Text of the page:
Rahm

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German[edit]

Etymology[edit]

From Middle High German roum. The expected modern form would be Raum, which has been ousted by a dialectal form due to the identicalness with Raum (room) (from Middle High German rūm). Dialects that have developed Middle High German -ou- into -ā- are found in south-eastern and central-western Germany. Cognate with Dutch room.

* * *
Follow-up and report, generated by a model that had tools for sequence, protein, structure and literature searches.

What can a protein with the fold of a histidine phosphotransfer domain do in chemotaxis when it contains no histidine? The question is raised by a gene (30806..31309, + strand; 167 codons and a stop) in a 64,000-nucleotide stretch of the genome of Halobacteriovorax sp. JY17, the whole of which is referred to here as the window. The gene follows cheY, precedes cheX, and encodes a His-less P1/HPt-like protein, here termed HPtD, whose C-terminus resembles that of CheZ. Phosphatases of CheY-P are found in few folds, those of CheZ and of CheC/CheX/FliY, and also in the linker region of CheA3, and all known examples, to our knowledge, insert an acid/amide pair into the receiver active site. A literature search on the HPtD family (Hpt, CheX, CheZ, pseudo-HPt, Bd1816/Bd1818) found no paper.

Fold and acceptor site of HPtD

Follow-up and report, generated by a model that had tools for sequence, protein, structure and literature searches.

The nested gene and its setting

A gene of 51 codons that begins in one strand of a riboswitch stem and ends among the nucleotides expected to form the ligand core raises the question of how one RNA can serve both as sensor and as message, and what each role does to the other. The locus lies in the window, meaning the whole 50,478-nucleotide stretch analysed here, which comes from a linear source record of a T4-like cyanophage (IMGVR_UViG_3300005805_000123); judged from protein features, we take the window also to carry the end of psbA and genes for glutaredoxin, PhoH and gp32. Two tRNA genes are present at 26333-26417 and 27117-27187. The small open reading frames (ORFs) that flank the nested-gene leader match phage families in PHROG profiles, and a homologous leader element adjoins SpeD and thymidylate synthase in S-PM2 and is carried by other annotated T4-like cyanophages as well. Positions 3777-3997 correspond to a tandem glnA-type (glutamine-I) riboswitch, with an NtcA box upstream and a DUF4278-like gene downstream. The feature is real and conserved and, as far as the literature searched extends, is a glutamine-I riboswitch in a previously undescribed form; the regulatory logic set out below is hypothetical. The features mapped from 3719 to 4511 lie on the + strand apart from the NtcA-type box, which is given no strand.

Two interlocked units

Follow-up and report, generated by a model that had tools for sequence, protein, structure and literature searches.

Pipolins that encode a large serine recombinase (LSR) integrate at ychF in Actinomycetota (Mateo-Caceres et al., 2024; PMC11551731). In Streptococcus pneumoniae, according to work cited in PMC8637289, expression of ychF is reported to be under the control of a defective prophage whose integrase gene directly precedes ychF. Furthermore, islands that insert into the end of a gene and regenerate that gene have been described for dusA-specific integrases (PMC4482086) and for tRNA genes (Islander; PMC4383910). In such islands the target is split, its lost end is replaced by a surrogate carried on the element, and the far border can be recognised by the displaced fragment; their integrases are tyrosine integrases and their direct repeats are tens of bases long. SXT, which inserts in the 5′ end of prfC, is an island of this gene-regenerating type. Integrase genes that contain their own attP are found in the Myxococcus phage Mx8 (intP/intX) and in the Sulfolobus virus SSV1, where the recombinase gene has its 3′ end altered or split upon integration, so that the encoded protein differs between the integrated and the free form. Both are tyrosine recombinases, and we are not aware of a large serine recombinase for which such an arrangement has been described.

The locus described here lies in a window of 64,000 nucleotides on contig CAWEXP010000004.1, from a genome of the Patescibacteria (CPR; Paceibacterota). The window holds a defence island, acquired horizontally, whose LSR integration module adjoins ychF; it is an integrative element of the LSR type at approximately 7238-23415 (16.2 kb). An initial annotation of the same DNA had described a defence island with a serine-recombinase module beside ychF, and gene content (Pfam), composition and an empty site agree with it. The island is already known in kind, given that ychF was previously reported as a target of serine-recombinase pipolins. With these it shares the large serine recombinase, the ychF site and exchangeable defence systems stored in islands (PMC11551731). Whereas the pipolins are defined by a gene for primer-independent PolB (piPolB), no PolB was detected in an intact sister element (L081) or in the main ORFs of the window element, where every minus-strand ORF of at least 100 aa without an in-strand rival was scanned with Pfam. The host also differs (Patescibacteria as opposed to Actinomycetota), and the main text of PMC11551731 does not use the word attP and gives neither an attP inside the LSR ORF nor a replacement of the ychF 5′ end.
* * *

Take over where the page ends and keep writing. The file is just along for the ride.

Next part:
Pronunciation[edit]

Noun[edit]

Rahm m (genitive Rahms or Rahmes, no plural)

  1. cream (milkfat)

Usage notes[edit]

In German standard German, Rahm is used mainly in compounds (such as Rahmsoße, Sauerrahm etc.); otherwise Sahne is much more common. This is not necessarily true of colloquial varieties nor of standard German in Austria and Switzerland.

Synonyms[edit]

Derived terms[edit]

See also[edit]

  • Creme (“cream” in the sense of “frosting”)

External links[edit]

  • Rahm in Duden online

Luxembourgish[edit]

Noun[edit]

Rahm f (plural Rahmen)

  1. cream